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Europe PMC team

 | 18 July 2014


Taylor & Francis Open Access Survey: translating values into licences

Guest post from Alex Green, Transformation Project Co-ordinator, Wellcome Trust

Last month saw the publication of the 2014 Taylor
& Francis Open Access Survey
. Combining responses from just over 7,900
authors who published with Taylor & Francis in 2012 (9% of the total), this
represents the opinions of authors from across the world in roughly the
proportions they have published with Taylor & Francis – although my inner
data geek really wants to get hold of the full dataset to apply some weighting
to the under-represented authors of East and South East Asia.

The Taylor & Francis survey shows strong support for open
access (OA) publishing by authors and a clear belief in its benefits compared
with traditional publication, which has increased from the 2013 survey. 70% of
respondents also disagreed or strongly disagreed with the statement ‘There are
no fundamental benefits to open access publication’, up 10% from 2013.
However, when read alongside this evidence of increasing
widespread positive attitudes to OA publishing, the findings on licensing are
striking. In particular, the preference for more restrictive licenses seems at
odds with the attitudes and values expressed by authors in response to the Section
1 questions on that topic. For example, in Question 5, 71% of authors were
happy for their work to be re-used without prior knowledge or permission for
non-commercial gain provided they receive attribution. This is equivalent to a
CC-BY-NC licence, but only 18% of authors selected this licence as their first
or second choice when answering Question 6 (see graphic below).

Question 5
Question 6
This mismatch between author attitudes and licence
preference seems common to nearly all responses. Again in Question 5 authors seem
concerned about commercial reuse of their work without prior knowledge, with
65% disagreeing that it is acceptable. However in Question 6, 47% selected
Copyright Assignment as their first or second preference for licensing making
it the second most popular licence along with Exclusive License to Publish. Having
assigned copyright away, authors would have little control over any commercial
reuse, not least by the publisher they have assigned the copyright to.
There are several hypotheses we could explore to account for
this seeming contradiction. Looking down the results for Question 6 there is a
clear drop off towards the bottom of the list for ‘preferred licences’. It
would be interesting to know if these options were always presented in the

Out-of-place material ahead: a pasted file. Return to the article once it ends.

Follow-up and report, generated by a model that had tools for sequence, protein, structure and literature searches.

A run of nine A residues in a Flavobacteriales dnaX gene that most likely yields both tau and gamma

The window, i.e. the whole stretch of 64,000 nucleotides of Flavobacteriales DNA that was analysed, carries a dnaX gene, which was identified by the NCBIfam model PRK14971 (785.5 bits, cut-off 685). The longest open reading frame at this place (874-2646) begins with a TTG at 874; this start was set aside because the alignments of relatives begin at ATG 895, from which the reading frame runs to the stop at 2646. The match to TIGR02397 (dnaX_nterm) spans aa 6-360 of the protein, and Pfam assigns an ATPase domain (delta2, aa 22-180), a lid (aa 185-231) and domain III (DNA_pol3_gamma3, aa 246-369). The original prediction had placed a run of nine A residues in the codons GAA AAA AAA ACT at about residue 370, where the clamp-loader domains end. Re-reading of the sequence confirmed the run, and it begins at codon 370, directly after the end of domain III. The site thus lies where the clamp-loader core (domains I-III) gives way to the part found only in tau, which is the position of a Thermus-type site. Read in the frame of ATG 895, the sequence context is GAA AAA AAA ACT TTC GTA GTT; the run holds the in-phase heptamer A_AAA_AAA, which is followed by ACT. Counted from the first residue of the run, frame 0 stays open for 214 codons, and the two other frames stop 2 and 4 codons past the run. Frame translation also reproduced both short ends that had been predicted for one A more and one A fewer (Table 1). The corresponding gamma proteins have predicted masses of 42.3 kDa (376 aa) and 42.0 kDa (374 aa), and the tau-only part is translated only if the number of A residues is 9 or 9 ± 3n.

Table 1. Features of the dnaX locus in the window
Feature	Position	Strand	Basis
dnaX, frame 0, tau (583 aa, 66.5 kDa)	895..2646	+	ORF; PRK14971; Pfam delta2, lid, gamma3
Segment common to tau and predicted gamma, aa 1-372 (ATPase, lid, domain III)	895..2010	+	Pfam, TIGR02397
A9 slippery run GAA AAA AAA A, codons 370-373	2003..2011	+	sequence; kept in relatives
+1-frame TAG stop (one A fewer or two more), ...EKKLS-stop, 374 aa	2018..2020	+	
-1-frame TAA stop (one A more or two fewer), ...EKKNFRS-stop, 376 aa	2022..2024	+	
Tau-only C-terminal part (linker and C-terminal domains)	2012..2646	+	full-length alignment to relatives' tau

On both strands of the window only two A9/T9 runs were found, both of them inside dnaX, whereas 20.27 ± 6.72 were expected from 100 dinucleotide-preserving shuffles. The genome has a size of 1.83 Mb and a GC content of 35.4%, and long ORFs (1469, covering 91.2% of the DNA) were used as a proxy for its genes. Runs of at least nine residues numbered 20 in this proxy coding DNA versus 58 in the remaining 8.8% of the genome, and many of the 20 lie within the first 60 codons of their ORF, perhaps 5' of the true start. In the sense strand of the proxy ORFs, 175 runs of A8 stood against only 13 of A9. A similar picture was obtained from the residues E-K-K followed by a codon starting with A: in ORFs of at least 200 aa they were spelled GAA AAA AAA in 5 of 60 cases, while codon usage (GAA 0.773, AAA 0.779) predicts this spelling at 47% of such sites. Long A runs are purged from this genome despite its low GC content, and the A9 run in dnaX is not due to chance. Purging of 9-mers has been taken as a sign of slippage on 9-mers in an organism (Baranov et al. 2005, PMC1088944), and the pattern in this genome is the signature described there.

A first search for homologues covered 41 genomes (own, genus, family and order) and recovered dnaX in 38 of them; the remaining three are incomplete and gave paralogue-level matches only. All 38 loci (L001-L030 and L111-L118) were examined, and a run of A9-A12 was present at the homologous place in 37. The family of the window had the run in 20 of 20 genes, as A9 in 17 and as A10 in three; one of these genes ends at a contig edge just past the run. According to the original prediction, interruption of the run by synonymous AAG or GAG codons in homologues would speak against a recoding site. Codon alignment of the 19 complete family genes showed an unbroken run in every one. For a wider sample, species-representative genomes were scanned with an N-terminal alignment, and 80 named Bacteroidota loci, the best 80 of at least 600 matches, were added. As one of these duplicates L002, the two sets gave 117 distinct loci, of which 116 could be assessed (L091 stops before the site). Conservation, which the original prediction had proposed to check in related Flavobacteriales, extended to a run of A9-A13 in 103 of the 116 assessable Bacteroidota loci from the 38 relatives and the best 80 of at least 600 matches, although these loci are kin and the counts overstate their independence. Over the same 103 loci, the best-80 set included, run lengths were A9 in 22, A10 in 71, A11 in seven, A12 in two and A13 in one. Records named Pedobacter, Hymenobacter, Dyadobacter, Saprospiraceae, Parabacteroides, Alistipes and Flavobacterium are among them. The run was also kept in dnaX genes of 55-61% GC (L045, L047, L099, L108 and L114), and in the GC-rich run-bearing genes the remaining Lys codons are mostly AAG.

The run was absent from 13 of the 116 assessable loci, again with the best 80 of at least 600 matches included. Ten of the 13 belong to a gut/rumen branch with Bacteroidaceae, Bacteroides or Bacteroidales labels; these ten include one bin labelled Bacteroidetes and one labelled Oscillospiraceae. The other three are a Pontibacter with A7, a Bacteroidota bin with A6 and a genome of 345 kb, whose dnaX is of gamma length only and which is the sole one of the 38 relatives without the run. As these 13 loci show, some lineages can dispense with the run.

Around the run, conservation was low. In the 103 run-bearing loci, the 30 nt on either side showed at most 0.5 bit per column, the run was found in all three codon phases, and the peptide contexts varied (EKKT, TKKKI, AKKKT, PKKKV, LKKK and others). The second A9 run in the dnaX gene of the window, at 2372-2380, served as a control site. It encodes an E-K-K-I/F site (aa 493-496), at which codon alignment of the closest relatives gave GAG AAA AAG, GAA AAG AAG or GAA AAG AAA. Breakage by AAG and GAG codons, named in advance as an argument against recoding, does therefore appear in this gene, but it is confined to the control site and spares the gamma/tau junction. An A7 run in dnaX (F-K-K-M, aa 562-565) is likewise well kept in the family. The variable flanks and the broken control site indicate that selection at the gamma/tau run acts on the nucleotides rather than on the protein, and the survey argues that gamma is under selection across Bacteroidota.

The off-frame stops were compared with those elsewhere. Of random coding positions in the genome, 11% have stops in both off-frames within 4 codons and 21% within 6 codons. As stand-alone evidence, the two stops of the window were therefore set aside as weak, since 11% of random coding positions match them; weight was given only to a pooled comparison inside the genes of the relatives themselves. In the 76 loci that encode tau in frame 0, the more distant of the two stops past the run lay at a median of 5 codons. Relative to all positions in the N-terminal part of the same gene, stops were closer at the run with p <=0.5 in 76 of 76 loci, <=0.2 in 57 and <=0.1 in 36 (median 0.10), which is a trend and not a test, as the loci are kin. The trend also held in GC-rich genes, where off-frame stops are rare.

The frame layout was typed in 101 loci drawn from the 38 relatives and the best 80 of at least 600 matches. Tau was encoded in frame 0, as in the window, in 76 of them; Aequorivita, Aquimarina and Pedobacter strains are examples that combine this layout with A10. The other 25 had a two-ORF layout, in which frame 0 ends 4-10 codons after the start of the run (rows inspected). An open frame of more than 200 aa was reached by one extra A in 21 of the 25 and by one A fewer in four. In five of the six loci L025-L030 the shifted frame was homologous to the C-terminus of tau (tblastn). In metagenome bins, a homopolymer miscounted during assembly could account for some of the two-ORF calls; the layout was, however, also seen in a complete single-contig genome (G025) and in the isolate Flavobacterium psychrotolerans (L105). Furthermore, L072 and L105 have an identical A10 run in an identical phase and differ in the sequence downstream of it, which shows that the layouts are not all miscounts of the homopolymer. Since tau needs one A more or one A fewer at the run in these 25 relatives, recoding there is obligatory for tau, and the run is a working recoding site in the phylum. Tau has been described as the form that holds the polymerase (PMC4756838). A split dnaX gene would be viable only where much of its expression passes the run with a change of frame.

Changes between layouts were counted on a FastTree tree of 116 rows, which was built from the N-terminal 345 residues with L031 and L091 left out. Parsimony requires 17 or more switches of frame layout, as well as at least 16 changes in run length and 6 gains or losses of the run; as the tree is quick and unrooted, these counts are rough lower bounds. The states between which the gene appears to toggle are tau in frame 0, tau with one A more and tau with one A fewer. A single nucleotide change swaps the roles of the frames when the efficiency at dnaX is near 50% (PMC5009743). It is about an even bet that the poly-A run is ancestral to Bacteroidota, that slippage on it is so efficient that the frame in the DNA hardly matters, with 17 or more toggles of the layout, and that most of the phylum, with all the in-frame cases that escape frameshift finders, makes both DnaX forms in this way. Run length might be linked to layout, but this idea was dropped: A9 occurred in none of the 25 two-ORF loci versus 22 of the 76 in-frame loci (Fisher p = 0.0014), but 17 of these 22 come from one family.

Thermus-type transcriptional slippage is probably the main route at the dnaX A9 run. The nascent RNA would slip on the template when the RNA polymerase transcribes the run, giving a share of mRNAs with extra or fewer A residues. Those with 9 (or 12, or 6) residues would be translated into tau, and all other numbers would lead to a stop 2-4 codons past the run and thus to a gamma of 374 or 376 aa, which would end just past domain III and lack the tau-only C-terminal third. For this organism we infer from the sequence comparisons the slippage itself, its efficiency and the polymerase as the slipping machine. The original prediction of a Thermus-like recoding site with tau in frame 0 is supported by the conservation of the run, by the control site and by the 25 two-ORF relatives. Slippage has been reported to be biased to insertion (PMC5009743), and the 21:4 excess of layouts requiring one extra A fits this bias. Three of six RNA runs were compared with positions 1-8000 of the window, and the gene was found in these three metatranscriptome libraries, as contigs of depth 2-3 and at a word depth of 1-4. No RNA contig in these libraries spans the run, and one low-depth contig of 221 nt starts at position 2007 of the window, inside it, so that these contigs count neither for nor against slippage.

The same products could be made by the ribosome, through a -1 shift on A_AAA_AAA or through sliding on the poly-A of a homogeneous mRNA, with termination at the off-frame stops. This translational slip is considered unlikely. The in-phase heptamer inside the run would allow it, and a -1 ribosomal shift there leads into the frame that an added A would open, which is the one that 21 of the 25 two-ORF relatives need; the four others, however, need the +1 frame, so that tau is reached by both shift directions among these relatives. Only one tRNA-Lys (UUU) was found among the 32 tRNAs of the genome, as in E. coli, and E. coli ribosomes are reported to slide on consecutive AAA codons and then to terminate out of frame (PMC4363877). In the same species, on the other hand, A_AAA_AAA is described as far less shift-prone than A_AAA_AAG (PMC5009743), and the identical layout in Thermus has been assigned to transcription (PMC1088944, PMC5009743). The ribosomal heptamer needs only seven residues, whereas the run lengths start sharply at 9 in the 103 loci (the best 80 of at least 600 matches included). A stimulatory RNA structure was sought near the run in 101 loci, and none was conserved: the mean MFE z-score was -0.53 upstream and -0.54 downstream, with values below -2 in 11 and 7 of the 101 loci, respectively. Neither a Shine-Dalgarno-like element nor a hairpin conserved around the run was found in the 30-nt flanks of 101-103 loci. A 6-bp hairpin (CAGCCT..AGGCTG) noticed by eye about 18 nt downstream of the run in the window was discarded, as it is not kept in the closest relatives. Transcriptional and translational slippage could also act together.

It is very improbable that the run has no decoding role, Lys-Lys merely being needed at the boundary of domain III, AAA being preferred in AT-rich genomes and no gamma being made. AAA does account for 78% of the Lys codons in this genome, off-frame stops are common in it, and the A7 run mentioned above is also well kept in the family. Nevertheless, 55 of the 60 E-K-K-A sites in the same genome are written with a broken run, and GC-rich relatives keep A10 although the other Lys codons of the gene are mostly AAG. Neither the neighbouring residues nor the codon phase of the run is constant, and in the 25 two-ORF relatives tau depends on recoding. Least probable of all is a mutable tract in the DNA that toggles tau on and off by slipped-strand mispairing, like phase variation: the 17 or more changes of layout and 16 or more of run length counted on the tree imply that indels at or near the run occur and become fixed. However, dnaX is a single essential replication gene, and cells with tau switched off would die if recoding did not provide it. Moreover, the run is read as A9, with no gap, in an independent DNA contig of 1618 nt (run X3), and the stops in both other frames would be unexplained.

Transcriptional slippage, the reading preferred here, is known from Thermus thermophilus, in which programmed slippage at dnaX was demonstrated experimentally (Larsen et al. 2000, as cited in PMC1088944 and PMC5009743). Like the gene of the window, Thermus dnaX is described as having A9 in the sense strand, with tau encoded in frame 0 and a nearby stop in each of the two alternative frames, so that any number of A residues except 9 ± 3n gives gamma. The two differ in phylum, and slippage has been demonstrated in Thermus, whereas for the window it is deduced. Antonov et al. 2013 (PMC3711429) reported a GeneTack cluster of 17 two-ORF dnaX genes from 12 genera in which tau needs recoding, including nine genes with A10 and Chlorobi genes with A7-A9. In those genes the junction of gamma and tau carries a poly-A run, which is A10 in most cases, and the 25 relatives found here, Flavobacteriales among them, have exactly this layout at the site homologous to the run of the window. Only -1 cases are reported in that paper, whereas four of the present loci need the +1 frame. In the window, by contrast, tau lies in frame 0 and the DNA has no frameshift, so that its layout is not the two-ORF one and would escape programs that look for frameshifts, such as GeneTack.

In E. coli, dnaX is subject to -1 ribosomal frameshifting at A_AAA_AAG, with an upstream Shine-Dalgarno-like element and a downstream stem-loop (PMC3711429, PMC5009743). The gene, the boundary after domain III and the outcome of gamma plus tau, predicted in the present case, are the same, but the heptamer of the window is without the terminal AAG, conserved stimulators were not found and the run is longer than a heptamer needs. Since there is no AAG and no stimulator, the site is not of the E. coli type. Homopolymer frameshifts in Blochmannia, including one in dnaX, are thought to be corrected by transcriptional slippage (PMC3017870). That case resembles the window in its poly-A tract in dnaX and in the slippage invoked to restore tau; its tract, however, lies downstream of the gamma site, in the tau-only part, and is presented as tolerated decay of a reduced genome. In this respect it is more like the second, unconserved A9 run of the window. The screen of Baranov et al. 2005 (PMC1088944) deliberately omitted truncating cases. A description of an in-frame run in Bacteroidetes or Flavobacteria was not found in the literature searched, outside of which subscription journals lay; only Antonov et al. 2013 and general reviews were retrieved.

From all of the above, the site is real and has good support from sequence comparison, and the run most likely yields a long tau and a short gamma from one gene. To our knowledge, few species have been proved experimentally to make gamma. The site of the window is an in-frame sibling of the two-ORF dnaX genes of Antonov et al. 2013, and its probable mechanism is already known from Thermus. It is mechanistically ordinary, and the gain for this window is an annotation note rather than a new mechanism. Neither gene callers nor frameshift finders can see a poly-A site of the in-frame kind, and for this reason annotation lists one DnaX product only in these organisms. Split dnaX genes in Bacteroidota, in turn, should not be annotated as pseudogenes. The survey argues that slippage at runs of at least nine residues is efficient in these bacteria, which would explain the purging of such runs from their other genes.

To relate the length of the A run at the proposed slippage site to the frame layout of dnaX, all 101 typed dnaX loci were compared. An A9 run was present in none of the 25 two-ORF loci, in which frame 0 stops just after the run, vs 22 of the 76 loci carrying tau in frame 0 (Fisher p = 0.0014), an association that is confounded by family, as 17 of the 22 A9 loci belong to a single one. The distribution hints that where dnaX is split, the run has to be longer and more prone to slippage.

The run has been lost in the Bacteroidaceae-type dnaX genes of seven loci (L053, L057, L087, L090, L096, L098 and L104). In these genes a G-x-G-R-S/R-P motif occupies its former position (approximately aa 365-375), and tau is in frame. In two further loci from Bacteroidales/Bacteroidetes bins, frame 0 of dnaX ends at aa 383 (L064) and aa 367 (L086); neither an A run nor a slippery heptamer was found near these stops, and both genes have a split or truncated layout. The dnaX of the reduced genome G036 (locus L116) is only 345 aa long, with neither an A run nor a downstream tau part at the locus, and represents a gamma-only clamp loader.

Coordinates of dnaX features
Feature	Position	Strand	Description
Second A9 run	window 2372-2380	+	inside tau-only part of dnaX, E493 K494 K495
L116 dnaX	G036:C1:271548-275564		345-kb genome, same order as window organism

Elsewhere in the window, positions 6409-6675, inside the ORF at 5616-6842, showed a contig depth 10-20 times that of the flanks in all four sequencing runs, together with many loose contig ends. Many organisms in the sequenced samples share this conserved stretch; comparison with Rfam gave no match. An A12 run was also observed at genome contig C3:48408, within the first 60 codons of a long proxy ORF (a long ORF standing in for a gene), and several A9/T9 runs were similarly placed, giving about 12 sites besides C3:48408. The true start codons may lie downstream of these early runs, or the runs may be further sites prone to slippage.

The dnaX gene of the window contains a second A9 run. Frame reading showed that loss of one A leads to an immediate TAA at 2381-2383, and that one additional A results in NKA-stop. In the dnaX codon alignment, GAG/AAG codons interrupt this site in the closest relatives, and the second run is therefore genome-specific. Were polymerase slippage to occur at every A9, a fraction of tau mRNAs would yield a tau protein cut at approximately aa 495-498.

survey in the same order that they are presented in the report. If so, we may
be seeing response
order effects
(Krosnick and Alwyn 1987), but unfortunately full details of
the methodology are not openly available along with the report. 
The contradictions between responses may also be partly due
to a degree of satisficing,
an effect where respondents choose adequate answers rather than optimal answers
because it is easier to pick the first acceptable, or most familiar, option
than fully evaluate all options (Simon 1957, Krosnick 1991). This could be
leading to selection of the more familiar Copyright Assignment and Exclusive
License to Publish over the various Creative Commons licence combinations.
Finally, it’s probably relevant to note that the definition
boxes provided to respondents at the start of the survey gave explanations of
different modes of OA publishing, repositories and text- and data-mining but
not the differences between the licences. These aren’t always easy to grasp,
especially when completing a survey at speed – I don’t mind admitting that I
had to check with a colleague on the exact differences between the various licence
options. Perhaps, as Dr David Green, Global Journals Publishing Director said
in the Taylor
& Francis press release
, there is still ‘much work left to do in
simplifying our policies and documentation so that our author communities are
in no doubt as to what their OA options are’.


2 comments on "Taylor & Francis Open Access Survey: translating values into licences"

@TandFOpen says:

Thanks for writing about the survey. Just to clarify a couple of the points you mentioned, the order was randomised for every respondent and full definitions for each licence was given next to the relevant option in Question 6 (e.g. ‘Attribution (CC BY) This license lets others distribute, remix, tweak, and build upon your work, even commercially, as long as they credit you for the original creation’). The definitions were taken primarily from the Creative Commons website bar copyright assignment and exclusive licence to publish, which we defined. We also included a link to the Creative Commons webpage on licence options, in case anyone wanted to browse further. Whilst they were in the survey, we didn’t include the licence definitions in the report charts (so those here – as it would have made them very cluttered.

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